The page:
LAHORE - Index started the New Year on a positive note, galloping from 47,800 levels to close at 49,038, adding 1,231points or 2.6 percent during the week.
The mid-week, however, witnessed some profit taking and cautious buying while investors keenly tracked the developments on Panama case hearings. Steady flows from both local and foreign investors were witnessed during the week, particularly in blue chips. Both average traded volumes and value surged by massive 43 percent and 44 percent WoW, respectively, reflecting investors’ interest.
Steel sector remained in the limelight, gaining 7 percent during the week, following announcement by Dost Steel notifying commencement date of its operations as of May 2017 while Amreli Steel gained on the back of rumors of significant discounts driving healthy volumes for the company.
Cement sector surged 2 percent in anticipation of increase in prices in North region by Rs15-20/bag while expectation of healthy off take numbers for December 2016 attracted investors’ interest in fertiliser sector (up 7 percent). National Refinery (NRL) gained traction, during the week, post announcement of 50 percent reduction in financing requirements for its Isomerisation and Desulphurisation project owing to better cash flow position of the company.
Experts said that the local bourse started off the New Year on an exciting note where lower than expected CPI for the month of December 2016 and slowdown in foreign selling boosted investor’s confidence in the local market. The KSE-100 index concluded the first week of 2017, breaching the 49,000 mark to reach at the highest ever level in today’s trading session. The local index registered a gain of 1,231 points or 2.5 percent over the outgoing week to close at 49,036 index levels.
Average daily volumes for the outgoing week posted a decline of 43 percent WoW to 408 million shares while average daily value decreased 44 percent WoW to Rs21 billion/$203 million over the week. Sector wise top three gainers over the outgoing week remained Fertiliser, Oil and Gas Exploration and Commercial Banks which were up 6.9 percent, 2.3 percent and 1.7 percent, respectively. While Tobacco, Auto Parts & Accessories and Sugar & Allied Industries remained top losers posting a decline of 7 percent, 3 percent and 1 percent, respectively.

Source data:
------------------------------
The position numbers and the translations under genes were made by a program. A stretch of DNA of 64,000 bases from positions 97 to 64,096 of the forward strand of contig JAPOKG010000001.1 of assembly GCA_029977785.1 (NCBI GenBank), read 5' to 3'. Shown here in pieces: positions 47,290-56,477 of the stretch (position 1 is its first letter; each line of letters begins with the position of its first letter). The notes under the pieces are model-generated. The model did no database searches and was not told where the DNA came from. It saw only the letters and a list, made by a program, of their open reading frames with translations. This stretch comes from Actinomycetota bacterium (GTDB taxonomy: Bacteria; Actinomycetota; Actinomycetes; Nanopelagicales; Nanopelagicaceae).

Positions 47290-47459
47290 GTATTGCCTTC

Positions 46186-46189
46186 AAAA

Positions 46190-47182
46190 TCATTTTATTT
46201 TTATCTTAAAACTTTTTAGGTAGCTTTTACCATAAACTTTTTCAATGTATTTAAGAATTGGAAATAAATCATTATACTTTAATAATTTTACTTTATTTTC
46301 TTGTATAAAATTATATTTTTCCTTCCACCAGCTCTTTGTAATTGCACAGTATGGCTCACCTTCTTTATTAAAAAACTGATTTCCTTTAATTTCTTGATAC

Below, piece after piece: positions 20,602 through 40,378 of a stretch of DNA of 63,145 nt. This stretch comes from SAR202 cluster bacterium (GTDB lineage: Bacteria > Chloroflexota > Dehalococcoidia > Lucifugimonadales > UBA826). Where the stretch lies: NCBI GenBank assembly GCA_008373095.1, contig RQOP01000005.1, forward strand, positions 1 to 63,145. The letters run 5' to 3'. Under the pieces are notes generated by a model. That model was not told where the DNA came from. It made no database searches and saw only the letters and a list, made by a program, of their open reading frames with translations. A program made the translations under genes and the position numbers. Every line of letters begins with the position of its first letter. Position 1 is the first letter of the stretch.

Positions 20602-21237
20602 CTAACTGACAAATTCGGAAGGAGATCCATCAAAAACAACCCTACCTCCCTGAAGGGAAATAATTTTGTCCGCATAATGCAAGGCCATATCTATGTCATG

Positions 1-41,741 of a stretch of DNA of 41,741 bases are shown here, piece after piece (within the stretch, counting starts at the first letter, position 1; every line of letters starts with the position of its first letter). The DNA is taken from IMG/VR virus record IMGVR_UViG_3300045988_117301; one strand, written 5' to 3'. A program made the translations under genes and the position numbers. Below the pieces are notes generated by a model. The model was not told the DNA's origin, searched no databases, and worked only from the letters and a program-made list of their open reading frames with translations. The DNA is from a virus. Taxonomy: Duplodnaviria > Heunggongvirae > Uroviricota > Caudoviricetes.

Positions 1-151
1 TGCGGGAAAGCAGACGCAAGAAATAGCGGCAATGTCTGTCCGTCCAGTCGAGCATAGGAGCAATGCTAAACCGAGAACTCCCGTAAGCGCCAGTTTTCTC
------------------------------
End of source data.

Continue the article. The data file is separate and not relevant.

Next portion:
Foreigners remained net sellers of $2.0 million during the week. Oil & Gas Exploration, Chemicals and Banking sectors saw major net buying of $5.1 million, $3.3 million and $2.4 million, respectively while selling was seen in Oil & Gas Exploration and Cement sector of $6.9 million and $2.9 million respectively.
As per the State Bank of Pakistan (SBP), the country’s foreign exchange reserves declined to $23.16 billion as of December 30, 2016 from $23.29 billion a week ago. The foreign exchange reserves held by the central bank fell by $30 million to $18.269 billion. The decrease in the forex reserves was attributed to external debt servicing. The foreign exchange reserves of commercial banks reduced to $4.89 billion as compared to $4.99 billion a week ago.
K-Electric (KEL) shelved a mega project of converting its furnace-based plants with a gross 420 mega watt capacity to low-priced coal after the utility failed to secure cost-effective tariffs from the regulator, as per media sources. The National Electric Power Regulatory Authority (Nepra) awarded the tariff for coal converted plants in 2015 while KEL submitted a review petition with the regulator to revise up the tariff. However, NEPRA rejected the company’s application leading to shelving down of the whole project. This development is neutral to negative for the company.
As per news reports, the draft of general tax amnesty scheme has been finalised by the federal government. Under this proposed scheme, those who even once got issued a CNIC or Pakistani passport will be named as Pakistani. All Pakistanis may benefit from this scheme within six months of its announcement. This may be along the same lines as that implemented by Indonesia recently and may result in both forex inflow and tax revenues for the government.